France is building a “Stop Covid” application, but confidentiality issues could derail it

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A number of different apps from countries and companies around the world have been created to stop the coronavirus pandemic, including those from big tech companies like Apple. Now, France throws its hat in the ring.

The country’s health and digital ministers, Olivier Véran and Cédric O, officially announced that the government was creating an application in order to slow the pandemic, which has ravaged the world and affected more than 83,000 French citizens.

In an interview with the French newspaper Le Monde, Véran and O said that the application is designed to “limit the spread of the virus by identifying the chains of transmission”.

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“We are in an exploratory phase, but we do not want to close any doors,” they added, according to a translated version of the article.

Despite widespread concern about the virus, it is feared that privacy will be invaded. Following this announcement, Amnesty International urged governments to remain vigilant while respecting the rights of citizens.

“Technology can and should play an important role in this mobilization to save lives, for example to spread public health messages and increase access to health care,” said an Amnesty International statement. “However, the strengthening of state power over digital surveillance, such as access to location data from mobile phones, threatens privacy, freedom of expression and freedom of association, which could flout rights and undermine confidence in government – thereby compromising the effectiveness of any public health response. “

“Such measures also carry a risk of discrimination and are likely to cause disproportionate harm to already marginalized populations,” the statement added.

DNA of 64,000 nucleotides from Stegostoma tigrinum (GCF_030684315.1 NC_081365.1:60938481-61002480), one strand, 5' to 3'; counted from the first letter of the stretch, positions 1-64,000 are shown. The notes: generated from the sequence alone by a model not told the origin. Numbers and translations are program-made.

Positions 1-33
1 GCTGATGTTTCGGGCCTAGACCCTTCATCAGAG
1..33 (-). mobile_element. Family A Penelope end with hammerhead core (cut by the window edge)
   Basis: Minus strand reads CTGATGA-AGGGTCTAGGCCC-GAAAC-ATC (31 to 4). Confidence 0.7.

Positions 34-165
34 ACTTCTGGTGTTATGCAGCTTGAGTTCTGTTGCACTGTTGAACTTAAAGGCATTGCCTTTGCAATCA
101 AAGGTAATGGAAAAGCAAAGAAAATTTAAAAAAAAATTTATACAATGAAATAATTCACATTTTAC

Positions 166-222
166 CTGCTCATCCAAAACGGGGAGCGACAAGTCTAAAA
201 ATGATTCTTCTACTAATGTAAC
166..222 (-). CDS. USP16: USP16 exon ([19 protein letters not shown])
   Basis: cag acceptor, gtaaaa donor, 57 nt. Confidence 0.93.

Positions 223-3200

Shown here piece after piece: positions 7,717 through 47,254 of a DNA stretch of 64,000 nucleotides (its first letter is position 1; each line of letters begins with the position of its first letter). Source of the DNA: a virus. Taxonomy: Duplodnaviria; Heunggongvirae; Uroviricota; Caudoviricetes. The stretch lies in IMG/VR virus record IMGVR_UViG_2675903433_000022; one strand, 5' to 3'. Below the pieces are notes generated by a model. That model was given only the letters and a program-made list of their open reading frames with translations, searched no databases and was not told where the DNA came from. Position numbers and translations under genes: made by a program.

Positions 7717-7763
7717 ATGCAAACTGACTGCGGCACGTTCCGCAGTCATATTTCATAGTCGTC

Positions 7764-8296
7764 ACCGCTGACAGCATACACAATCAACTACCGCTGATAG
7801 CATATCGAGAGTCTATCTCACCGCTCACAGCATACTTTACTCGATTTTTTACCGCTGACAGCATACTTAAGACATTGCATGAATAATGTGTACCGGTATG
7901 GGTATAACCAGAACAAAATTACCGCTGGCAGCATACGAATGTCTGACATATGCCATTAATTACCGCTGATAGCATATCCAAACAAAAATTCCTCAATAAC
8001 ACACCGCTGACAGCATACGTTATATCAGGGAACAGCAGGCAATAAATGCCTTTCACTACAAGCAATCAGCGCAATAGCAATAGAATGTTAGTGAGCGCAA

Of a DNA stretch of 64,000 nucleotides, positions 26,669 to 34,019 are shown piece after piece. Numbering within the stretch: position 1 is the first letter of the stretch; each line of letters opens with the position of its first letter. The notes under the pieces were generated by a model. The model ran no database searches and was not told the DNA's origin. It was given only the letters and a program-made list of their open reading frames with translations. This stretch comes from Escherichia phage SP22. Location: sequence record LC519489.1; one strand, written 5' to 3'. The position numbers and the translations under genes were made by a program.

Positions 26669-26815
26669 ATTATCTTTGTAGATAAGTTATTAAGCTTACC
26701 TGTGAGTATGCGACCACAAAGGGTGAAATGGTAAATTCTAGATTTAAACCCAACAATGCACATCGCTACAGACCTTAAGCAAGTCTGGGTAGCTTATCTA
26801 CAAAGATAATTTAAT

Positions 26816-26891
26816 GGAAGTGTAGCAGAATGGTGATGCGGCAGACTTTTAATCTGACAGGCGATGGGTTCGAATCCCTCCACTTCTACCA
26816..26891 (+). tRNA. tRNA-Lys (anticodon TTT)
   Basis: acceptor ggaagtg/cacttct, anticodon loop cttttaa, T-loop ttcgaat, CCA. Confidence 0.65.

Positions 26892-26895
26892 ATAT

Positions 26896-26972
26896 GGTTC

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The app, known as “Stop Covid,” will not be a forced installation and will use Bluetooth, the two officials told Le Monde. They added that a prototype is under construction, which will take three to six weeks to create.

However, Cédric O warned that the application might not be published at all, declaring to Le Monde via TechCrunch that “Bluetooth was not designed to measure the distance between individuals”.

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The news comes after British researchers recently developed an app to track the spread of the coronavirus and determine who is most at risk in order to mitigate the spread of the disease.

Known as Covid Symptom Tracker, the free app asks users to fill in data such as age, gender and zip code as well as questions on a range of existing medical conditions, such as heart disease and asthma.

As of Thursday morning, more than 1.49 million cases of coronavirus had been diagnosed worldwide, including more than 432,000 in the United States, the most affected country on the planet.

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Christopher Carbone of Fox News contributed to this story.

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